It is just a little past three in the afternoon on Monday, but already a lot has gone on this week in Albany. Monserrate came back to the Democrats early this morning and deadlocked the institution. Attorneys for both caucuses have been told by a judge to work it out or else face his decision by
1pm 10am Tuesday morning. Meanwhile, Monserrate says he's back because Majority Leader Smith is stepping back to let Senator Sampson step up, with a spiffy new title known to us as the "Conference leader," which in business-speak, according to Smith, means that Sampson will be the new CEO.
The members of the conference—still without defector Pedro Espada Jr.—announced State Senator John Sampson will have the new title of "conference leader," Majority Leader Malcolm Smith explained, and will handle the "day-to-day business" of the conference. Smith said the structure was similar to a board chairman and CEO, with Sampson serving as CEO. Smith, I'm hearing, is holding on by a legal technicality.
Monserrate was called a "friend" by both Sampson and Smith.
"I'm clear about the following: This conference is united," Monserrate said. He tacitly confirmed reports that his flip back into the Democratic conference had to do with differences with Espada Jr. over tenant-protection issues.
The leadership of the State Senate is still uncertain. Lawyers for both sides were due in court around the time this press conference started; the judge hearing the case has said he does not want to get involved. Spokesman Austin Shafran said Democratic lawyers plan to tell the judge that progress is being made out of court.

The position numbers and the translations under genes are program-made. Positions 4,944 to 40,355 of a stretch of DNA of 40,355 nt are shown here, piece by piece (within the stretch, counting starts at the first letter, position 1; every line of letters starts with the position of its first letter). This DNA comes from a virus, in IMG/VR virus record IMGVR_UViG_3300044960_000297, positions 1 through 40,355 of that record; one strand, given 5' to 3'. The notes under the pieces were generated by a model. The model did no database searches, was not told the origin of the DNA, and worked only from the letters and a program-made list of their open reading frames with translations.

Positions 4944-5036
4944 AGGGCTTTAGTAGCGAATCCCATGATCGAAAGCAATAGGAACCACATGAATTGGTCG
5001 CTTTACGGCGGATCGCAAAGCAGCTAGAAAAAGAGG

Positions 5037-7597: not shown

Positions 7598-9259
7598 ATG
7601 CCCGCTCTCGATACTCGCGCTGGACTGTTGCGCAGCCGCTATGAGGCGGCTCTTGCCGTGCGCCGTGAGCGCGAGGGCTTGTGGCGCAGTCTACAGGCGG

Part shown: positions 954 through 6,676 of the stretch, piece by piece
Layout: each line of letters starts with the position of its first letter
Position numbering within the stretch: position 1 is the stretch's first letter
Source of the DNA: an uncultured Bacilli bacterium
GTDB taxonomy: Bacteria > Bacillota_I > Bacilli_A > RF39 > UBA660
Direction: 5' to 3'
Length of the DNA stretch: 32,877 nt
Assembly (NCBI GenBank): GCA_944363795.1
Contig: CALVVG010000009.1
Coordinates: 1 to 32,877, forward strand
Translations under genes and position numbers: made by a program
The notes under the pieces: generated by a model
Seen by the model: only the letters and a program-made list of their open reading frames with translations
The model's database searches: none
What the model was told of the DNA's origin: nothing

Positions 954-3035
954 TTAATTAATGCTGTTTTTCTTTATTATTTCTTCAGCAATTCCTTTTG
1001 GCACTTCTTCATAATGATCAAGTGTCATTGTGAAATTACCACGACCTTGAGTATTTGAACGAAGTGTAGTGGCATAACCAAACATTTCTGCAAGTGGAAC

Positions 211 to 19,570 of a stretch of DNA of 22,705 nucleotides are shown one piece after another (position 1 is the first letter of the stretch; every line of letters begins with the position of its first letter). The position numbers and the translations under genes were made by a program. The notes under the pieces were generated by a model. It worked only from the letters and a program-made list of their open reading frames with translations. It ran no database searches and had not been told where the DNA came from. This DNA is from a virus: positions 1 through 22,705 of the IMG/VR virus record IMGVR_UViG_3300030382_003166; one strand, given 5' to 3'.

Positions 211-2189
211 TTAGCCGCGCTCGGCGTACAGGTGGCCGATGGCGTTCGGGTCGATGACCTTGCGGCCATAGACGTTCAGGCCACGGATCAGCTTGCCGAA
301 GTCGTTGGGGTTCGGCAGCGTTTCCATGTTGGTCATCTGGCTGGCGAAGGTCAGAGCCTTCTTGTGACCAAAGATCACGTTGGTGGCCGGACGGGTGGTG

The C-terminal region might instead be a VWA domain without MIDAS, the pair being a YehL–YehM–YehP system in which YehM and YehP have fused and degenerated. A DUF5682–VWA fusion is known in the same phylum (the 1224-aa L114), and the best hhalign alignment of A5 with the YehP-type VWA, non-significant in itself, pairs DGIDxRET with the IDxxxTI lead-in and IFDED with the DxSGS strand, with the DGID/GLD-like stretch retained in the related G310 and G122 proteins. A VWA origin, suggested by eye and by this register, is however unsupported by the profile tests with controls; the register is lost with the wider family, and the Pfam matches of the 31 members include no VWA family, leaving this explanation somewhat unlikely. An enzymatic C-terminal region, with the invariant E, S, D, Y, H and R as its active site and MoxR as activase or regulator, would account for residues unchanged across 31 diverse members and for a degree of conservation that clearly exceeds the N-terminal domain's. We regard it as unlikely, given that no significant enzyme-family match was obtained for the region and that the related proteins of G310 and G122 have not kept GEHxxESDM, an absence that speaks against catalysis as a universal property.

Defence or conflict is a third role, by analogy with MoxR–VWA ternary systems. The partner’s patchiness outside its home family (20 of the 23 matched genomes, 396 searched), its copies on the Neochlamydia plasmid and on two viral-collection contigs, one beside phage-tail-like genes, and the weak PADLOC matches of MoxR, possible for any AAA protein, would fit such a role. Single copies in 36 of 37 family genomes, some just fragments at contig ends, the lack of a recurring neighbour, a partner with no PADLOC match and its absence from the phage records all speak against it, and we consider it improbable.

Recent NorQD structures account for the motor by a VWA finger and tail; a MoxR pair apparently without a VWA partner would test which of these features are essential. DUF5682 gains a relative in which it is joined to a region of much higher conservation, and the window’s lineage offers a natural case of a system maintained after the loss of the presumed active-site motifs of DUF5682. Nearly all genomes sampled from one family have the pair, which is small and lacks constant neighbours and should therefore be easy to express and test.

Having Monserrate back is an odd definition of progress. However in the New York State Senate, any direction is both backwards and upside down all in one motion. Hopefully Sampson and Smith can both "defriend" criminals once they are convicted of their crimes, or if they get primaried, whichever comes first. Sampson will now have to deal with the backstabbing Monserrate, and the rest of caucus amidst an incredibly turbulent and unpredictable time in our state's government.
Meanwhile, back in "reform coalition" land, Espada allegedly bussed in some supporters to shout down the reform advocates that had initially come up last Tuesday to lobby for good goverment issues such as independent redistricting and whatnot. Espada's people came with t-shirts that are just a bit outdated though, proclaiming that Monserrate is still on their side despite what went on today.
Ah, the dramatics of Albany...who needs soap operas when you can just tune in to state politics.